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Apple OS X “gotofail” security bug fixed with new update

Apple has released an OS X update that fixes the large security vulnerability dubbed “gotofail” identified last week.

The “gotofail” security flaw stemmed from an incorrect line of code and caused certain Mac, iPhone and iPad apps to be susceptible to hackers.

Potentially, the flaw enabled hackers to pose as a trusted service or website and was deemed “seriously exploitable” by Johns Hopkins cryptographer Matthew Green when it was discovered.

The flaw exposed a critical weakness in its own software, including FaceTime, Mail, iMessage and the Software Update features on its device range.

When the bug was identified, Apple released an iOS 7 update to fix the mobile problem, but the issue was still active on the latest Macs running OS X Mavericks and Mountain Lion.

Now, Apple has released the OS X Mavericks 10.9.2 update that will resolve the issue as well as bring smaller improvements to the Mail, iMessage and Safari apps. The 10.9.2 update also adds the ability to make and receive FaceTime audio calls.

The update description found on Apple’s website actually makes no reference to the “gotofail” problem it fixes, focusing on the updated features mentioned above.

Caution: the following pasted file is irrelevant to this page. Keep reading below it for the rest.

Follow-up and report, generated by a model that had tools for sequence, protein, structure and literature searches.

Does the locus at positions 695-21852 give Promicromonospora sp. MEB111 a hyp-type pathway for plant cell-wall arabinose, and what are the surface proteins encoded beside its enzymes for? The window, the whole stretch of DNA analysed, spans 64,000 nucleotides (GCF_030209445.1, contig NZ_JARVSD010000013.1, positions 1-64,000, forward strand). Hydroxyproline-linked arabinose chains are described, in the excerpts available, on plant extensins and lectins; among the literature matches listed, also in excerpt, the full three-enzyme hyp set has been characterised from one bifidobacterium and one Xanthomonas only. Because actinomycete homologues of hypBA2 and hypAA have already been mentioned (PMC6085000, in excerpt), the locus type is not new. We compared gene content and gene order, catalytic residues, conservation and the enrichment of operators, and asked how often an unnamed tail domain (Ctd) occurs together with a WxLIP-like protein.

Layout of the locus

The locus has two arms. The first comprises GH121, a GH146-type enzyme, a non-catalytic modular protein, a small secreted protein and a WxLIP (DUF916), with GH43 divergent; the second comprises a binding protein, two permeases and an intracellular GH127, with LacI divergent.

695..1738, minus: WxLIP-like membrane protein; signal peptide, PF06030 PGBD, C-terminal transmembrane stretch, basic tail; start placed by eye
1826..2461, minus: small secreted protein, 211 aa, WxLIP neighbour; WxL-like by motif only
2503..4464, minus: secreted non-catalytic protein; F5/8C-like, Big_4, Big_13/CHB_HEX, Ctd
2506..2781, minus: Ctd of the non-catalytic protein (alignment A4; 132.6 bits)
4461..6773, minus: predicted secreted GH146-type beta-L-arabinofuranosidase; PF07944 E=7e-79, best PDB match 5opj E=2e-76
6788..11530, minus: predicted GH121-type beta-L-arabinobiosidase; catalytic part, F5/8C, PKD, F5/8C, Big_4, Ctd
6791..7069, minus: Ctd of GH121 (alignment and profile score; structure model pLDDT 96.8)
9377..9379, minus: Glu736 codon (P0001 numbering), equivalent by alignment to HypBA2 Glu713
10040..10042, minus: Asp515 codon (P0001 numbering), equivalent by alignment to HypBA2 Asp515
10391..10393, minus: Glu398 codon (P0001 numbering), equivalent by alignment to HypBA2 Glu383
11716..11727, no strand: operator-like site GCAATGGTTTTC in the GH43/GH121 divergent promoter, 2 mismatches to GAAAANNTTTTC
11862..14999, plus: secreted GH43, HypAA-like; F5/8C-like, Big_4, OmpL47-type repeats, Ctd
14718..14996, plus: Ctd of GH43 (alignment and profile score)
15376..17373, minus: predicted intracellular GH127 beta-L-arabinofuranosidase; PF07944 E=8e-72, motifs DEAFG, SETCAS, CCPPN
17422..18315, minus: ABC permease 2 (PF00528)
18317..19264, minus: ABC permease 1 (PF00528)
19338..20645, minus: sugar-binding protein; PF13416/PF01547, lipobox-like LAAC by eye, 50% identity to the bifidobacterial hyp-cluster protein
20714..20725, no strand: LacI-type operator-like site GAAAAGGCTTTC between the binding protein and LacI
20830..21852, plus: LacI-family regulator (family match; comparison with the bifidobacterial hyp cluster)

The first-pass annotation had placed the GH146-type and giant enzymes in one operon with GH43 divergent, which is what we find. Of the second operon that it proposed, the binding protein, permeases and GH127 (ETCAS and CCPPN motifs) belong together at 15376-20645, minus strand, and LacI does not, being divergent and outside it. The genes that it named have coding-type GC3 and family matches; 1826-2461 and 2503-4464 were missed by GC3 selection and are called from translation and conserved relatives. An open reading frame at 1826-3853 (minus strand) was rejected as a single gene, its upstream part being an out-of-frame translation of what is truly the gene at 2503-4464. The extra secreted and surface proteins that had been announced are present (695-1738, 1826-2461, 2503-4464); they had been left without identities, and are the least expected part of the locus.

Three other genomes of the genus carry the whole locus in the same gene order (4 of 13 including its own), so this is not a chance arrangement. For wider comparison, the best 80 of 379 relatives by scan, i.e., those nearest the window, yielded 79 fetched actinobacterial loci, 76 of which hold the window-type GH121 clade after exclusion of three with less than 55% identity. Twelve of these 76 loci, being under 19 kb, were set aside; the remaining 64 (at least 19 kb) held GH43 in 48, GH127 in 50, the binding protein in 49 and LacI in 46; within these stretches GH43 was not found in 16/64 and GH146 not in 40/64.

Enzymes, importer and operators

However, an Apple spokesperson speaking to Forbes confirmed that the update is also to “address the recent SSL encryption issue for both Mavericks and Mountain Lion”.

Apple has been heavily criticised by the online community for waiting for the OS X update bringing new features to release the “gotofail” fix, rather than issuing an emergency fix.

The Cupertino company did not issue any warning to its users for the OS X flaw, instead leaving users to search for unofficial patches and other solutions.

It seems the update will fix all the security issues, so we advise installing the update sooner rather than later.

Read more: Apple Mac Pro 2013 review

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